Chi square test

Chi square is a Non parametric test i.e. it does not require normal distribution or variance assumptions about the populations from which the samples were drawn

Purpose:
The general purpose of the Chi-square test is to compare discrete categorical data (count data). For example, a product may be categorized into two categories such as defective/non-defective or in more than two categories such as excellent, good, fair, and poor. Chi-square tests are ideally suited to a data set in which both the variables to be compared, are categorical in nature. The Chi-square test compares observed values to a theoretical expected values

Scope:
Non parametric tests like chi square test are less powerful than parametric tests i.e. they are less likely to reject the null hypothesis when it is false.

Applications

  • Chi square test for testing goodness of fit is used to decide whether there is any difference between the observed (experimental) value and the expected (theoretical) value. It is used to determine whether the data follow the same distribution as in the past.
  • Chi square test for independence of two attributes is used to check whether the two characteristics are independent. It is used to determine whether a categorical outcome variable (Y) is related or associated with another categorical predictor variable (X)

Basic assumptions and requirements :

  • The sample is drawn randomly from the population. This is required if we want to generalize the result to the entire population.
  • Data is to reported in raw frequencies (counts not percentages).
  • Observations are independent.
  • Variables are mutually exclusive (individuals cannot be assigned to more than one category) and exhaustive (include all possible contexts or categories).
  • Observed frequencies are not too small (n must be relatively large) in a 2 x 2 table, Chi Square should not be used if n is less than 20 or any of individual cell count is less than 5

Methodology
There are several types of chi square tests depending on the way the data was collected and the hypothesis being tested. We’ll begin with the simplest case: a 2 x 2 contingency table. Suppose you conducted a drug trial on a group of animals and you hypothesized that the animals receiving the drug would show increased heart rates compared to those that did not receive the drug. You conduct the study and collect the following data:

Statistical Hypotheses :
H0: Observations are distributed equally among contexts (observed frequencies do not deviate from expected frequencies) i.e. The proportion of animals whose heart rate increased is independent of drug treatment.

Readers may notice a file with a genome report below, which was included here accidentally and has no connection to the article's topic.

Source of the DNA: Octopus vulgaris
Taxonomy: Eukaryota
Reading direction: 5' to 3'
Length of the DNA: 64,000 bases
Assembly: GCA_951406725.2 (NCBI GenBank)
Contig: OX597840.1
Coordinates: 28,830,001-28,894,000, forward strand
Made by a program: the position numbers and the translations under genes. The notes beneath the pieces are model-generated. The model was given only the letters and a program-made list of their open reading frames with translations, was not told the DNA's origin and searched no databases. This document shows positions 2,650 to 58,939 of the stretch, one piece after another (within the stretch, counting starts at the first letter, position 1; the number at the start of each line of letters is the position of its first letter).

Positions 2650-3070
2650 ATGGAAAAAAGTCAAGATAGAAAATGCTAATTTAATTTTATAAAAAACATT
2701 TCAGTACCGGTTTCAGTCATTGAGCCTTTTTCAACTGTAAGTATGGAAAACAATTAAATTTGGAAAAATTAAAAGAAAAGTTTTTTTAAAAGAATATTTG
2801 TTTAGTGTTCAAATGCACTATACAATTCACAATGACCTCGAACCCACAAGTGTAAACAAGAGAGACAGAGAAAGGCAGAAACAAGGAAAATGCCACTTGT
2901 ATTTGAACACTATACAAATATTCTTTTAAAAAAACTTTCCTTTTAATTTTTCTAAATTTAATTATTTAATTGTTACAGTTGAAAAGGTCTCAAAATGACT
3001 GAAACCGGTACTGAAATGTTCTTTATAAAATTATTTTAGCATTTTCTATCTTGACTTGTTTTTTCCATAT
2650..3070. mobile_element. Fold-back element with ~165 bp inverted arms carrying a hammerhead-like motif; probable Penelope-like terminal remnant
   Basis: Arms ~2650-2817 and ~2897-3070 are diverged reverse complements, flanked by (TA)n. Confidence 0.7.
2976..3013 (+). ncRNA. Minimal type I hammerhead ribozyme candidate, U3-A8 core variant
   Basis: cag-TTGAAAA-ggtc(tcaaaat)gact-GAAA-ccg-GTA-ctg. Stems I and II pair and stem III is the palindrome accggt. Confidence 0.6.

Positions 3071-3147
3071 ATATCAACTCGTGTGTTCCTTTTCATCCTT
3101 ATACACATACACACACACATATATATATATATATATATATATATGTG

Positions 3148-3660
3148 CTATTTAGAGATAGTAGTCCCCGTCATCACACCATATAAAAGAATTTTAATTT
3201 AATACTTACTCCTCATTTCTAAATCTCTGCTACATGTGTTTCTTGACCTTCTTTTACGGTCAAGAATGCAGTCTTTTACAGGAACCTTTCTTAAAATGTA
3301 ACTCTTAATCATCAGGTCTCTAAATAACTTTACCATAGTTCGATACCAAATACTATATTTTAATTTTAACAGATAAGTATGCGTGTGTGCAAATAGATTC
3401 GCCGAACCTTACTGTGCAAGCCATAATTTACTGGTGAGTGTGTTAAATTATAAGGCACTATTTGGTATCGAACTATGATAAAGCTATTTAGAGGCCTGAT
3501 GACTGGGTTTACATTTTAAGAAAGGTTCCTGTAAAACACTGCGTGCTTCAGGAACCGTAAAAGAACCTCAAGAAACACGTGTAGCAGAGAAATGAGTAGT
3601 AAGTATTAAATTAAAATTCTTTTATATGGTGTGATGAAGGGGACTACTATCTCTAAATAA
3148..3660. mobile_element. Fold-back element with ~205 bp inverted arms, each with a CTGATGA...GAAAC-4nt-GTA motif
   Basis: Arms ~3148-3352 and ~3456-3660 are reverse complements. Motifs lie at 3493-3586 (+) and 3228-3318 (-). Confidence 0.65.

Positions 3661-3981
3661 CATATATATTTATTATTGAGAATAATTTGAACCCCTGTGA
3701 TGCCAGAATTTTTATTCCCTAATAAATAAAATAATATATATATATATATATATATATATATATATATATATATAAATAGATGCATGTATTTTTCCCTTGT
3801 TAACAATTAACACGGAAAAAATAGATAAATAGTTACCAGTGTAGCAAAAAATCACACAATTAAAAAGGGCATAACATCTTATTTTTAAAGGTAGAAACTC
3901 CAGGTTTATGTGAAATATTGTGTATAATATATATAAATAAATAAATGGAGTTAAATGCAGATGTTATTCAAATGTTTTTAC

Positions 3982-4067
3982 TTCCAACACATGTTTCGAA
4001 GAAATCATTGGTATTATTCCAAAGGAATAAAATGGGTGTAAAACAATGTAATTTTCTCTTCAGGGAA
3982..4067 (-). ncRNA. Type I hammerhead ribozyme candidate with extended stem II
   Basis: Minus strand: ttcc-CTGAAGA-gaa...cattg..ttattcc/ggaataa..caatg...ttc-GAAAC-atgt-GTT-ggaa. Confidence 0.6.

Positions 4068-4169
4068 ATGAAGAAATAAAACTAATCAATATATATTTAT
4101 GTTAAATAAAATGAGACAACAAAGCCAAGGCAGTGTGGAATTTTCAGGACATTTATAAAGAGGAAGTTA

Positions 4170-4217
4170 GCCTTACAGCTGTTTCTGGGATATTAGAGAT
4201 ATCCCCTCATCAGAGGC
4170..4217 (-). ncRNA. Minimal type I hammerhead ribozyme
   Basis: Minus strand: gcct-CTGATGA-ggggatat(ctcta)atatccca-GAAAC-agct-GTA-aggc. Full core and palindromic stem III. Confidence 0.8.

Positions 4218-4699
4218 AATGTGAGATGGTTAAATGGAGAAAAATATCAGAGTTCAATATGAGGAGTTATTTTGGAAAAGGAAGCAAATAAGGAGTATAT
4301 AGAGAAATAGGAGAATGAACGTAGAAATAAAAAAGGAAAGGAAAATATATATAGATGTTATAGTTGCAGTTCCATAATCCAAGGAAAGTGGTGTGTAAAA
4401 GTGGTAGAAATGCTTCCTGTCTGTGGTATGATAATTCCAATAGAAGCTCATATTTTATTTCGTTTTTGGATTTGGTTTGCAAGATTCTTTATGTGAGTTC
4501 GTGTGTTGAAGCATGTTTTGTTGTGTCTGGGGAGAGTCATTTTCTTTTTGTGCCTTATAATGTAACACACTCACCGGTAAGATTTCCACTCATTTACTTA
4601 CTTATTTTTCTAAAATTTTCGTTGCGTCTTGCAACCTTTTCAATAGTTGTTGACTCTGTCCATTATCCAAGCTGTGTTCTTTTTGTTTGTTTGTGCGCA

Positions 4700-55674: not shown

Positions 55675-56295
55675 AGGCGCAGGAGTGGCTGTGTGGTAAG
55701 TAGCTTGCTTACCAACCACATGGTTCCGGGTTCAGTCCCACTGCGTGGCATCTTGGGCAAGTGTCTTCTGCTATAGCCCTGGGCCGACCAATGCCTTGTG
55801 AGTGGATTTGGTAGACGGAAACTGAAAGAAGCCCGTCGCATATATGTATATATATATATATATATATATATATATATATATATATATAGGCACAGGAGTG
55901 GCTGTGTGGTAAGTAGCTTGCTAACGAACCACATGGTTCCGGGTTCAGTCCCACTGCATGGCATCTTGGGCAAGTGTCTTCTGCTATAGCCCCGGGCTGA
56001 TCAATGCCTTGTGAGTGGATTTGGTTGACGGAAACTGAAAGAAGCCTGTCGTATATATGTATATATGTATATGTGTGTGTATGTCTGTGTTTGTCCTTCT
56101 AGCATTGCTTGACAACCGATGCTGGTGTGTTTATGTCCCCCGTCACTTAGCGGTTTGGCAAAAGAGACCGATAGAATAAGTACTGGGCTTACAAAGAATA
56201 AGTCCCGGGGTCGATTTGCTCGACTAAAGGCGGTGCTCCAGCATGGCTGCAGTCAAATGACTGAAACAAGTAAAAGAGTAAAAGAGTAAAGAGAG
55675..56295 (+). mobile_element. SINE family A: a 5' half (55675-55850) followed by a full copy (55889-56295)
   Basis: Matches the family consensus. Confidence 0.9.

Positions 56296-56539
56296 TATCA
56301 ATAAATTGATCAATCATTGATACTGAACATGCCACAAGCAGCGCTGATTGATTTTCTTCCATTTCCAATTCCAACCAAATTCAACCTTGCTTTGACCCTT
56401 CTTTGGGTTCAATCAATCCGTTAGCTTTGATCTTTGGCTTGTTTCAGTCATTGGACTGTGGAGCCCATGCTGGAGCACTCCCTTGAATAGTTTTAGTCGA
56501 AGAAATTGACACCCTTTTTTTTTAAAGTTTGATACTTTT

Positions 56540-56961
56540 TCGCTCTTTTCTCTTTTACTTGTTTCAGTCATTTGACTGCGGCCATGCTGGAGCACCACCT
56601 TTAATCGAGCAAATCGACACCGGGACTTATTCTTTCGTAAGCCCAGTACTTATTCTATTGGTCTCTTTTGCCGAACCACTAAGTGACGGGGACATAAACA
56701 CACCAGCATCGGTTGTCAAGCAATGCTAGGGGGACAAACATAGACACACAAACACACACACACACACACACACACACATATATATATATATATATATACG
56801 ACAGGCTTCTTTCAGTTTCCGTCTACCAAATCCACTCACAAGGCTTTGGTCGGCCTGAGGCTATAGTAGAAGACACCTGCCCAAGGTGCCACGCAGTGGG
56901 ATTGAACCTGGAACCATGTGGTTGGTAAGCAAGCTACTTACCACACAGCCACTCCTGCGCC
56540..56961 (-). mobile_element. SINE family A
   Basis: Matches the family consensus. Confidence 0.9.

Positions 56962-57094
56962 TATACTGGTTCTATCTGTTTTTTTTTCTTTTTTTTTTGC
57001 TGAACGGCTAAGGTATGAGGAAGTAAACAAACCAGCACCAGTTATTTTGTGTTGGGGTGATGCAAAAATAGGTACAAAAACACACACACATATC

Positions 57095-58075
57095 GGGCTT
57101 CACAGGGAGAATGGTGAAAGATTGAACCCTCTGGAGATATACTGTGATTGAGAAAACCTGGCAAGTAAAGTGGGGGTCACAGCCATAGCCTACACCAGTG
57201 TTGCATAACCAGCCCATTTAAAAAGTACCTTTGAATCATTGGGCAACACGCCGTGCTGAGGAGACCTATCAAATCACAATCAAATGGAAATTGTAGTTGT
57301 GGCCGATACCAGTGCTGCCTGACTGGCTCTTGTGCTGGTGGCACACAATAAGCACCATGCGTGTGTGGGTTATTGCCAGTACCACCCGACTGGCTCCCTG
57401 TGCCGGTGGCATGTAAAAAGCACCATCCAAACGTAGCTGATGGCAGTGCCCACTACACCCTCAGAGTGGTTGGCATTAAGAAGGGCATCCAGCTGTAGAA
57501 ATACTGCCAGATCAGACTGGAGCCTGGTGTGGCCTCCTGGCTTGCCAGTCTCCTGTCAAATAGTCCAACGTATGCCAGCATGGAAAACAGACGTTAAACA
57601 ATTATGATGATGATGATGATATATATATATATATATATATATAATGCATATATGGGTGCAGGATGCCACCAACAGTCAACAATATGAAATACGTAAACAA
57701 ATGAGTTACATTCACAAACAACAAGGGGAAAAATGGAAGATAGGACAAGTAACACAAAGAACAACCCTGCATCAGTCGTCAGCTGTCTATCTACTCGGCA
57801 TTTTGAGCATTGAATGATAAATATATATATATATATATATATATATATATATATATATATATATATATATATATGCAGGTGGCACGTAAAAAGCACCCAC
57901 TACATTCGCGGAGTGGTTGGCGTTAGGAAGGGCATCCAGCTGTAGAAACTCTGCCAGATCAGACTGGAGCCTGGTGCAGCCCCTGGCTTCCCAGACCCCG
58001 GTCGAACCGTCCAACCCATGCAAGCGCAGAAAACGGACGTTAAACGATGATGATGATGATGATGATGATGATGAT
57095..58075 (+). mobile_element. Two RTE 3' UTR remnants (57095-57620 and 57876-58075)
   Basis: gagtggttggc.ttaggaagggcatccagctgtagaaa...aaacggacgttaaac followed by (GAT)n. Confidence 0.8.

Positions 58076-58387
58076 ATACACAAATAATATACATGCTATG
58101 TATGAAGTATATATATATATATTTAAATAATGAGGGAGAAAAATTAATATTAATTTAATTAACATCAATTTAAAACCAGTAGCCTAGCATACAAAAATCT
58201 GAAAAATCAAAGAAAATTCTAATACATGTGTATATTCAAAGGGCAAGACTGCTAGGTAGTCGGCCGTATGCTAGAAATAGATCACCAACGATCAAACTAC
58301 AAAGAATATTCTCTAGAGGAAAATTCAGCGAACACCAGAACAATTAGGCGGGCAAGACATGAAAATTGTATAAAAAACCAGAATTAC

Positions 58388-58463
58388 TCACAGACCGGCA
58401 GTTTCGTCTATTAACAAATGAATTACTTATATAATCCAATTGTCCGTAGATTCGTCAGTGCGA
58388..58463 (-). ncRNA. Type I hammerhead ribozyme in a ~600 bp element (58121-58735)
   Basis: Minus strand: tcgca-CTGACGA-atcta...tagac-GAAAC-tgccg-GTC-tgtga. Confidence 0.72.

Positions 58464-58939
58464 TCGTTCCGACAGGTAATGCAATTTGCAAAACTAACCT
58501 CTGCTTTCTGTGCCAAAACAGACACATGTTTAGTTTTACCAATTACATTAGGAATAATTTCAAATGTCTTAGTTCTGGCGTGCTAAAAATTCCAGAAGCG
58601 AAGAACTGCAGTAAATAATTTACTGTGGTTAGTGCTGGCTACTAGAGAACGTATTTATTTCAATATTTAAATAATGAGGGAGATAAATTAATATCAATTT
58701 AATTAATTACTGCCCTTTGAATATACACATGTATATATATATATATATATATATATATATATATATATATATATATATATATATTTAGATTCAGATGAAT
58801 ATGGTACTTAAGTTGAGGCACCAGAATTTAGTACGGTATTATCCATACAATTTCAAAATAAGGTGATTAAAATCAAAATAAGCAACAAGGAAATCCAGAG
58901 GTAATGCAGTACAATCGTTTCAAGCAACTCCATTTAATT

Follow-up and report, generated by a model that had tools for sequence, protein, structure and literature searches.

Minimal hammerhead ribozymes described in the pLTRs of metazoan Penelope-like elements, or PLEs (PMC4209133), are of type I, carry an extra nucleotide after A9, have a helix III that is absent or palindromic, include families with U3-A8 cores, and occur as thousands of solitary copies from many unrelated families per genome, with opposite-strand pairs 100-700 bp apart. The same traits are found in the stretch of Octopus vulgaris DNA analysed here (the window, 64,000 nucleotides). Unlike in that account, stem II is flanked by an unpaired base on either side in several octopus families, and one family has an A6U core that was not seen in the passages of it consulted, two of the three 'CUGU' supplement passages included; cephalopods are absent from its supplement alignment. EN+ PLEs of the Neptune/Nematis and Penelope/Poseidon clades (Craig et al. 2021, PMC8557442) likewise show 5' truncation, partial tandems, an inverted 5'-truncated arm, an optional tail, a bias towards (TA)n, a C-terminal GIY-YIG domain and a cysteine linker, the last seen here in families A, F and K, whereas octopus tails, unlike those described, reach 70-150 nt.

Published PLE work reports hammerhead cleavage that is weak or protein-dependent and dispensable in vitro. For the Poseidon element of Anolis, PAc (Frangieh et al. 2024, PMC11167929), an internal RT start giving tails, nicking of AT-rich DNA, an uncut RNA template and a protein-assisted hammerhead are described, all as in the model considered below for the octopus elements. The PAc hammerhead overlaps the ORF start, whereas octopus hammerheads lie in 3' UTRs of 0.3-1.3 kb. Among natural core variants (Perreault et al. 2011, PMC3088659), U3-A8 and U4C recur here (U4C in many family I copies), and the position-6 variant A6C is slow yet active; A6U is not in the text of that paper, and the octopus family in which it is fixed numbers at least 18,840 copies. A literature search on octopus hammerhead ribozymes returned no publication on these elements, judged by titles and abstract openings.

HA: Observations are not distributed equally among contexts (observed frequencies do deviate from expected frequencies) i.e. The proportion of animals whose heart rate increased is associated with drug treatment.

Test statistic :

Where O is observed frequency and E is expected frequency.

Calculating the Chi-square statistic:

Degrees of freedom = (# columns (or) contexts – 1)*(# rows (or) categories – 1) =(2-1)(2-1)=1

Odds Ratio
It is another measure of association for 2 × 2 contingency tables. It occurs as a parameter in the most important type of model for
categorical data. For a probability of success π, the odds of success are defined to be

odds = π/(1 − π)

For instance, if π = 0.75, then the odds of success equal 0.75/0.25 = 3.The odds are nonnegative, with value greater than 1.0 when a success is more likely than a failure. When odds = 4.0, a success is four times as likely as a failure.

Therefore, Odds Ratio = (Odds of success in category A) / (Odds of success in category B)

In the example, Odds of increase in heart rate for treated patients = 36/14 = 2.57 and odds of increase in heart rate for non treated patients = 30/25 =1.2 . Odds ratio is given by the ratio of these two odds i.e. 2.57/1.2 = 2.14. This ratio signifies that treated patient was 2.14 times more likely to find a increase in heart rate than non treated patient.

Shortcut to calculate to odds ratio:
Lets consider the above example where we have to calculate the odds ratio of increased heart rate in category treated over that of not-treated. In the below table, eack cell value has been represented by an alphabet.

Then, Odds ratio will be (a*d)/(b*c). For our example, odds ratio= (36*25)/(14*30) = 2.14 (same as shown before!)

Interpretation
Compare the calculated χ2 statistic to a critical χ2 value in order to determine whether to reject the null hypothesis.
“1) If calculated χ2 >critical χ2, p ≤0.05 – indicates that there is significant statistical evidence in support of rejecting the null hypothesis. There is less than or equal to a 5% probability that we could obtain this result by chance, which is an acceptable level of error for experiments.
2) If calculated χ2 ≤ critical χ2, p> 0.05 – indicates that there is no significant statistical evidence in support of rejecting the null hypothesis. There is greater than a 5% probability that we could obtain this result by chance, which is exceeds the acceptable level of error for ecological experiments.”
In our example, we now have our chi square statistic ( χ2 = 3.418), our predetermined alpha level of significance (0.05), and our degrees of freedom (df = 1). Entering the Chi square distribution table with 1 degree of freedom and reading along the row we find our value of x2 (3.418) lies between 2.706 and 3.841. The corresponding probability is 0.065. Since a p-value of 0.65 is greater than the conventionally accepted significance level of 0.05 (i.e. p > 0.05) we fail to reject the null hypothesis. In other words, there is no statistically significant difference in the proportion of animals whose heart rate increased.